Much of the overarching theme to this discussion of media relations I have written about the last several weeks comes down to preparation.
And nothing requires preparation more than interviews with reporters.
There’s all kinds of preparation you can do for an interview so let’s focus on the three key areas and we can explore others in future articles.
Research the Facts
When you are setting up a date and time for an interview or before they launch into questions over the phone, clarify what they will be asking you about and why they feel you are the right person.
It’s perfectly fine to put them off if you are not prepared with what they are looking for, or to shuffle them off to a better contact. In fact, they will appreciate that as it leads them to more robust and accurate reporting.
But even if it’s still you that they need to talk to, it allows you the time to prepare for the subject. County officials are community leaders and tend to be subject experts in a number of different areas. Even if you are an authority on the topic, however, it still behooves you to think through all the different types of questions you may get asked and if you are prepared to comment on them or even how you might capitalize on it as an opportunity for something related.
For example, what may sound like just a benign interview about new voting machines the county has acquired may, in fact, be an opportunity to plug other aspects of elections such as voter registration. Every opportunity likely has an additional angle or two you can offer up that will lead to even more coverage or to an issue that is more important.
Condense Your Message
Once you know the topics a reporter wants to address with you, thing strategically about how you can simplify and shorten it down. Not only does this help the reporter keep their writing more concise, it also improves their ability to understand it and then help their readers understand it.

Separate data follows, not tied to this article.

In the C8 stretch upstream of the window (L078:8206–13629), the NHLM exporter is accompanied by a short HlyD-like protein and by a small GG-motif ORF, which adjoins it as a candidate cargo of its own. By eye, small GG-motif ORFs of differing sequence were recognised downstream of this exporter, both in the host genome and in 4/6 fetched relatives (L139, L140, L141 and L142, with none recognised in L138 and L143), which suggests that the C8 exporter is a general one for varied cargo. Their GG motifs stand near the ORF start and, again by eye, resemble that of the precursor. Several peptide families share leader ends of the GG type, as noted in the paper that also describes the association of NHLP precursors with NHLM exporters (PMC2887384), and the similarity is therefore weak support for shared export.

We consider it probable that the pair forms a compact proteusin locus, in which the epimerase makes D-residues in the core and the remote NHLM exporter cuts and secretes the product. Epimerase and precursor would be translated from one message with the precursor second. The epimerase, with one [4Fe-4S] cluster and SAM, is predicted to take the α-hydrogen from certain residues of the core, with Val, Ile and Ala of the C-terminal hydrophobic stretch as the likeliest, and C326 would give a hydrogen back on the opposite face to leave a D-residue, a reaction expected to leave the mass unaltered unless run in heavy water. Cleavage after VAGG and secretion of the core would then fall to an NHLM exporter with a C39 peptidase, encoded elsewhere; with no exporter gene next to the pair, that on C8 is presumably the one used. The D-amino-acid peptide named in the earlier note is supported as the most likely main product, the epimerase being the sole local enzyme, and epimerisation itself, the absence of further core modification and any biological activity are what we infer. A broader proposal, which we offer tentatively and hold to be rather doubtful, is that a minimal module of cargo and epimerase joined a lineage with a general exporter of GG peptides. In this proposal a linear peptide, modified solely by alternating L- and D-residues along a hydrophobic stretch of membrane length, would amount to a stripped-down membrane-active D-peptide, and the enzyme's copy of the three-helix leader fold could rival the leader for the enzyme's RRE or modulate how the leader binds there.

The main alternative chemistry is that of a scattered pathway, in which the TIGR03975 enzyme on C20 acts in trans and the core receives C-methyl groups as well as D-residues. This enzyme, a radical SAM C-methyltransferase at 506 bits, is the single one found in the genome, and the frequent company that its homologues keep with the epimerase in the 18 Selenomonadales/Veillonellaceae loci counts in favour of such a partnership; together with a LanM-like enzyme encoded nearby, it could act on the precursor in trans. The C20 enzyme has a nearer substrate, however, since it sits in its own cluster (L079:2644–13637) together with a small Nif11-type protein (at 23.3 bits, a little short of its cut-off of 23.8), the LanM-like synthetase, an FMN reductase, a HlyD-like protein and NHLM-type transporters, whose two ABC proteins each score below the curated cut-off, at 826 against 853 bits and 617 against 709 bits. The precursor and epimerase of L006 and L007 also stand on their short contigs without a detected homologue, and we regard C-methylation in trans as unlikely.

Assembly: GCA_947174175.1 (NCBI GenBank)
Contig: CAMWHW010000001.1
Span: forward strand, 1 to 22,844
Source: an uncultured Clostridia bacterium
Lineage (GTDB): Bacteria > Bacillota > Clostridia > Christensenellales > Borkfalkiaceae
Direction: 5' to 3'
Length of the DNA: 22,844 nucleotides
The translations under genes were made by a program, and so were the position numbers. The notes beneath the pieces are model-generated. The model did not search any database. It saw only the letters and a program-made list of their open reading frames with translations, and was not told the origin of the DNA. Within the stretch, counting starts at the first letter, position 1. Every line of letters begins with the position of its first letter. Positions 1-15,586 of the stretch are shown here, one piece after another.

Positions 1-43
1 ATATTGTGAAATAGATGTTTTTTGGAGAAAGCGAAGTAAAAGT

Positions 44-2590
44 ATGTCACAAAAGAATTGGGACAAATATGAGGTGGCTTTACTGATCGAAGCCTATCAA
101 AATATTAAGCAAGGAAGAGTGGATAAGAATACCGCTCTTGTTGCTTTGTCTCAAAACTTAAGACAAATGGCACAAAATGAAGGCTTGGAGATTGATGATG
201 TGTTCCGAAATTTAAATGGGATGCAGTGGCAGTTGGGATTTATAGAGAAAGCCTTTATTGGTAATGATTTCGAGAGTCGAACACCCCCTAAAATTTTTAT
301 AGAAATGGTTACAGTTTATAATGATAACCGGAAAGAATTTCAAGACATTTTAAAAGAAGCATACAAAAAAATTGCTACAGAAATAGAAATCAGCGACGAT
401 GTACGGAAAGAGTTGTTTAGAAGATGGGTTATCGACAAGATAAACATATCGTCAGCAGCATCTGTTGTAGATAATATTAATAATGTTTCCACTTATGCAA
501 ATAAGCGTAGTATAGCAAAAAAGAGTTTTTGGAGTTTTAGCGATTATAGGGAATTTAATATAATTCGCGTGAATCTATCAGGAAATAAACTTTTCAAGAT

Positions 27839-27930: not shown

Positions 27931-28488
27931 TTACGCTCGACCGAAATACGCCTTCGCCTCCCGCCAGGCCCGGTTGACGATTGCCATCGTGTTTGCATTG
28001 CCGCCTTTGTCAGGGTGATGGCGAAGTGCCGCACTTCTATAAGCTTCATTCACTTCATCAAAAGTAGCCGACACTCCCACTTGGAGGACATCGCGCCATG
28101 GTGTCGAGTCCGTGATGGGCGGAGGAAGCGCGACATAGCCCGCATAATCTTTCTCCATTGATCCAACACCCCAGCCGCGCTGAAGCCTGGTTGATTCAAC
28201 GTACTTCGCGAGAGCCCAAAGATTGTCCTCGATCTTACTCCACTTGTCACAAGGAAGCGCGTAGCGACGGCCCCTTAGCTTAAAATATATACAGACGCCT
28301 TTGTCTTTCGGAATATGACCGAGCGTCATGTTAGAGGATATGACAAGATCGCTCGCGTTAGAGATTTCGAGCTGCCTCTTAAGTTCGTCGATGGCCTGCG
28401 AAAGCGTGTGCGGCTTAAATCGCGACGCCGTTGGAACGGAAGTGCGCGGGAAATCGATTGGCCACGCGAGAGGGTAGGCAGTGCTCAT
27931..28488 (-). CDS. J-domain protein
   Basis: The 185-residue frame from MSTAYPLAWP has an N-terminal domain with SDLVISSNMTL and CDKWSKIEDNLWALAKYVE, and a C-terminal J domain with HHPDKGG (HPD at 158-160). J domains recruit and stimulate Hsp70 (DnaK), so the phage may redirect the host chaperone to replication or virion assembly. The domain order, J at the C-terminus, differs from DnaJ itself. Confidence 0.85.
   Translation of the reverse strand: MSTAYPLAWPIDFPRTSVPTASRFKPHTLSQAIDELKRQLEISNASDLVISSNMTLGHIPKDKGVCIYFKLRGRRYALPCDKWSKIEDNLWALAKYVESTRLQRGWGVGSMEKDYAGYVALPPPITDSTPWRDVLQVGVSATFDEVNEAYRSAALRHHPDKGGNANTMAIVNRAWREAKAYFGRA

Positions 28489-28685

The digital age is one of shrinking attention spans. Messaging about issues cannot be complex or audiences (including reporters) will tune you out or completely miss the central meaning of what you are saying.
If you need to, type out your thoughts and key message points, then cut the content down by 50 percent. This means REALLY boiling things down but it’s essential in communication. Most people are comfortable and have grown accustomed to focused content and can get the details through links and other information you point them (or the reporter) to.
Practice and Play it Back
Ninety-nine percent of you have a really cool device, usually in your pocket or on your belt, that gives great feedback on preparation. Pull out your cell phone and practice responding to questions you ask yourself, then play it back and take note.
Watching yourself on camera helps you modify things you wouldn’t otherwise pick up on such as body language, facial expressions, message clarity, articulation, vocal pacing and pausing, and so on. You learn a lot, and the cool thing is you can do it at your convenience fairly quickly.
One final note on that. Practice is important, but the idea is to not practice so much that you come across contrived or stilted. Your responses should sound authentic to you – genuine, approachable, and friendly yet knowledgeable and authoritative. That’s he secret sauce to resonating with reporters and audiences so they trust and respect you.